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The new research from eye care nonprofit Orbis International focuses on female workers in Bangladesh, home to the second-largest readymade garment industry in the world
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Feb 08, 2022, 07:57 ET
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NEW YORK, Feb. 8, 2022 /PRNewswire/ — Orbis announces new research demonstrating that unaddressed near vision impairment is leading to lower monthly salaries for female garment workers in Bangladesh. The study is published in a special issue of the Asia Pacific Journal of Ophthalmology on the prevalence and impact of near- and far-sightedness in the Asia Pacific and globally.
"Given that women constitute the majority of workers in the garment industry globally, the study offers evidence that increasing access to quality eye care can help increase earnings among female workers and has the potential to pull more women out of poverty," said Munir Ahmed, Country Director for Orbis Bangladesh. "Most encouraging, our findings and proposed solutions are relevant across other industries with a high proportion of female workers as well."
The Cost of Near Vision Loss
Bangladesh is home to the second-largest readymade garment industry in the world, following China. Garment production accounts for over 80% of Bangladesh’s total export earnings and employs approximately 4 million workers, over half of whom are women. The nature of tasks involved in the production of garments, such as sewing and cutting, requires the ability to see up close, making good near vision a requirement for garment workers.
The new research shows that female garment workers in Bangladesh, particularly those in rural areas, suffer from high rates of near vision impairment, which was associated with earning a lower monthly salary, even after adjusting for other factors, such as years on the job and daily working hours. Strikingly, high rates of near vision impairment (> 20%) are already present among women aged 30-35 years, at the height of the working years for many women.
Treatment for near vision loss is inexpensive – calling only for a pair of glasses in most cases – and could increase earnings by some US$70 per year; this difference is equivalent to six weeks of income above the World Bank’s poverty line. The amount is also sufficient to cover nearly a month of expenses for one’s child, per estimates from UNICEF that the annual cost to raise a child in developing countries is US$900. Factories also stand to gain from workers’ increased productivity.
To conduct the research, Orbis Bangladesh, together with Nari Uddug Kendra, a nongovernmental national women’s development support organization, carried out free eye health screening and service delivery for female garment workers at four factories, two urban and two rural, in Bangladesh in 2019.
Gender Disparities in Eye Care
Women and girls are disproportionately impacted by blindness and visual impairment, representing 55 percent of people with vision loss globally. With near vision loss specifically, women often require correction at an earlier age than men.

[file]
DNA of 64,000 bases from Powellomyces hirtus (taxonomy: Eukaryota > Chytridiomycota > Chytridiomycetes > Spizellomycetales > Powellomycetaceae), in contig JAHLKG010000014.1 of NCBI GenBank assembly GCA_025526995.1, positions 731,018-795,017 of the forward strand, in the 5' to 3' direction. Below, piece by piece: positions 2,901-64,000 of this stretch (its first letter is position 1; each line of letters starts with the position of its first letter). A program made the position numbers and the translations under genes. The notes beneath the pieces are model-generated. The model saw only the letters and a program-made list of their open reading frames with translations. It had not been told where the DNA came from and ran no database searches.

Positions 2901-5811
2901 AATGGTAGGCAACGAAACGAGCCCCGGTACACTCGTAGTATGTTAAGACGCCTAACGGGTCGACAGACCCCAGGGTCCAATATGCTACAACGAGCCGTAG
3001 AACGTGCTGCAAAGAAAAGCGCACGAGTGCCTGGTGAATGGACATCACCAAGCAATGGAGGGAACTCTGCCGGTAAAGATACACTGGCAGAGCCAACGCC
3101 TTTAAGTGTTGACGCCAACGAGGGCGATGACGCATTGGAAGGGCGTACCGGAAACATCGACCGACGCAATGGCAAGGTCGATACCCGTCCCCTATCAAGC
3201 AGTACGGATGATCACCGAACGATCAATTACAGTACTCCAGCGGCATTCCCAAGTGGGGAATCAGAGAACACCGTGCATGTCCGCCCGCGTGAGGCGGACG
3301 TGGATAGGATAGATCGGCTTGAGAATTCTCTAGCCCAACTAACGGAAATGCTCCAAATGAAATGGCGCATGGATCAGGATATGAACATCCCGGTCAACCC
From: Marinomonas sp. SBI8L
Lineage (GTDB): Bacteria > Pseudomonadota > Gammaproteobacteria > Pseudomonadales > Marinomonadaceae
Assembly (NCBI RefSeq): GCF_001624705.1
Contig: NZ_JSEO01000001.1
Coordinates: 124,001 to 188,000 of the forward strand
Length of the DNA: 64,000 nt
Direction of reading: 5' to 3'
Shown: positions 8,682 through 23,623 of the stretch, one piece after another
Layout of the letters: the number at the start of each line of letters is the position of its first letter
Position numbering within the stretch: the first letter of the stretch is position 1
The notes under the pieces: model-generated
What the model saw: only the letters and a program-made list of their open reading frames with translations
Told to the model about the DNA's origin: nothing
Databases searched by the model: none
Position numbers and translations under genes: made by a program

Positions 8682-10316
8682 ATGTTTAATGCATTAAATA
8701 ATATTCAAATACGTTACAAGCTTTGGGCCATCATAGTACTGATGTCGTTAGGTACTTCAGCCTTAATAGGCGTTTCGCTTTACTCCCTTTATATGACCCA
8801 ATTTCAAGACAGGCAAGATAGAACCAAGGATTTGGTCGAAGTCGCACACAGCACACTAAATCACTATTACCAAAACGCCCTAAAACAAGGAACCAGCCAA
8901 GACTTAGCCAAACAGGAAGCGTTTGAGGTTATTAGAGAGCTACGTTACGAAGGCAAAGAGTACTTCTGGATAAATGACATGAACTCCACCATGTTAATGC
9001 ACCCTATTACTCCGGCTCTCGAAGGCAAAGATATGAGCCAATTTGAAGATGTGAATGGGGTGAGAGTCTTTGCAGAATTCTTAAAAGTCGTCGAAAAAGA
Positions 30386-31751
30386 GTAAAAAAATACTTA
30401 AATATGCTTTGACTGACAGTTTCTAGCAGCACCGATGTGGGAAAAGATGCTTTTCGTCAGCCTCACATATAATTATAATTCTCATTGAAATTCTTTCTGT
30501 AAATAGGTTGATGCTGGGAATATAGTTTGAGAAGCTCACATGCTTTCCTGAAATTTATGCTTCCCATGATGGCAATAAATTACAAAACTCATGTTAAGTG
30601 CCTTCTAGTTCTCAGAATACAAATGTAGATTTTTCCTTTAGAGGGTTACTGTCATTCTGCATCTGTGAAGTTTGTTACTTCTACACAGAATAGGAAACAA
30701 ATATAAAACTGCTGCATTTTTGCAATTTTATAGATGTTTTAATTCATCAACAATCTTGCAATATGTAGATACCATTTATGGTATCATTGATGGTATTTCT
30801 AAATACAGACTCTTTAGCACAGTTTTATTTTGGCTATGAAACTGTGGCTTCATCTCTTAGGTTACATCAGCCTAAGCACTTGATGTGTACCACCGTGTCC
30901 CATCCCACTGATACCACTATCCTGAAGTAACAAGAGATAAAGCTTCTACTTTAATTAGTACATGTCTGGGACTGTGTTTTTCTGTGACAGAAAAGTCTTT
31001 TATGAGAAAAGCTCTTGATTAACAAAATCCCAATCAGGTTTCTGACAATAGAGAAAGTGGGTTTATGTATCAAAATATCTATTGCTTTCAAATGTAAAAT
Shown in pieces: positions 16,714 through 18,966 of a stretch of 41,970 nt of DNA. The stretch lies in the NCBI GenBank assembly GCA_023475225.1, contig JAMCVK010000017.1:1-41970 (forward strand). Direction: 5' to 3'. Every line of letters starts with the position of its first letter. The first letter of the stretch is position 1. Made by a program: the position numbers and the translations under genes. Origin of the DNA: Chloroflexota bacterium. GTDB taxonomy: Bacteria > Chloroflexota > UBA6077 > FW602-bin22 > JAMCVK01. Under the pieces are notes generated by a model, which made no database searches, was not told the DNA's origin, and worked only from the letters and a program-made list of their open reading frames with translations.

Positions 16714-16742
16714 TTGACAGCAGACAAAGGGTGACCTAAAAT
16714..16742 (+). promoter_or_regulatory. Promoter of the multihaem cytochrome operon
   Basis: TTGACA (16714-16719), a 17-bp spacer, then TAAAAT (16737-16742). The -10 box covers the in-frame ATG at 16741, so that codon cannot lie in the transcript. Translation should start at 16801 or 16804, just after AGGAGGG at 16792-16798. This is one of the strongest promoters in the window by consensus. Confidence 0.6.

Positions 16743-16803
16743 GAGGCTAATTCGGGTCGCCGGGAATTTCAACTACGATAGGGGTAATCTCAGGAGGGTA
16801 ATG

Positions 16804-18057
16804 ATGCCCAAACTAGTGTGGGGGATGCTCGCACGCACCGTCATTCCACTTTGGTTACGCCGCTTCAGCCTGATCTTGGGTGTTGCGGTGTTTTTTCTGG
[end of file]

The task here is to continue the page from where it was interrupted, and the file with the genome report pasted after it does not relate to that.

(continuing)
In low- to middle-income countries especially, women may struggle to pay for vision health services due to poor access to family financial resources. They often have fewer options to travel to receive treatment, and may be less aware of the availability of eye care and how to seek it.
The recently published study signposts how to address the barriers women face, proposing solutions such as workplace screenings and the provision of glasses as a scalable strategy for poverty reduction. By fighting preventable vision loss in industries with a high proportion of female workers, we can begin to address gender disparities and combat the adverse economic impact of gender inequality.
About Orbis International
Orbis is a leading global non-governmental organization that has been a pioneer in the prevention and treatment of avoidable blindness for four decades. Orbis transforms lives by delivering the skills, resources and knowledge needed to deliver accessible quality eye care. Working in collaboration with local partners, including hospitals, universities, government agencies and ministries of health, Orbis provides hands-on ophthalmology training, strengthens healthcare infrastructure and advocates for the prioritization of eye health on public health agendas. Orbis operates the world’s only Flying Eye Hospital, a fully accredited ophthalmic teaching hospital on board an MD-10 aircraft, and an award-winning telemedicine platform, Cybersight. For the past ten consecutive years, Orbis has achieved Charity Navigator‘s coveted four-star rating for demonstrating strong financial health and commitment to accountability and transparency, placing Orbis in the top 3% of U.S. charities. In 2021, Orbis earned GuideStar‘s platinum Seal of Transparency. To learn more, please visit orbis.org.
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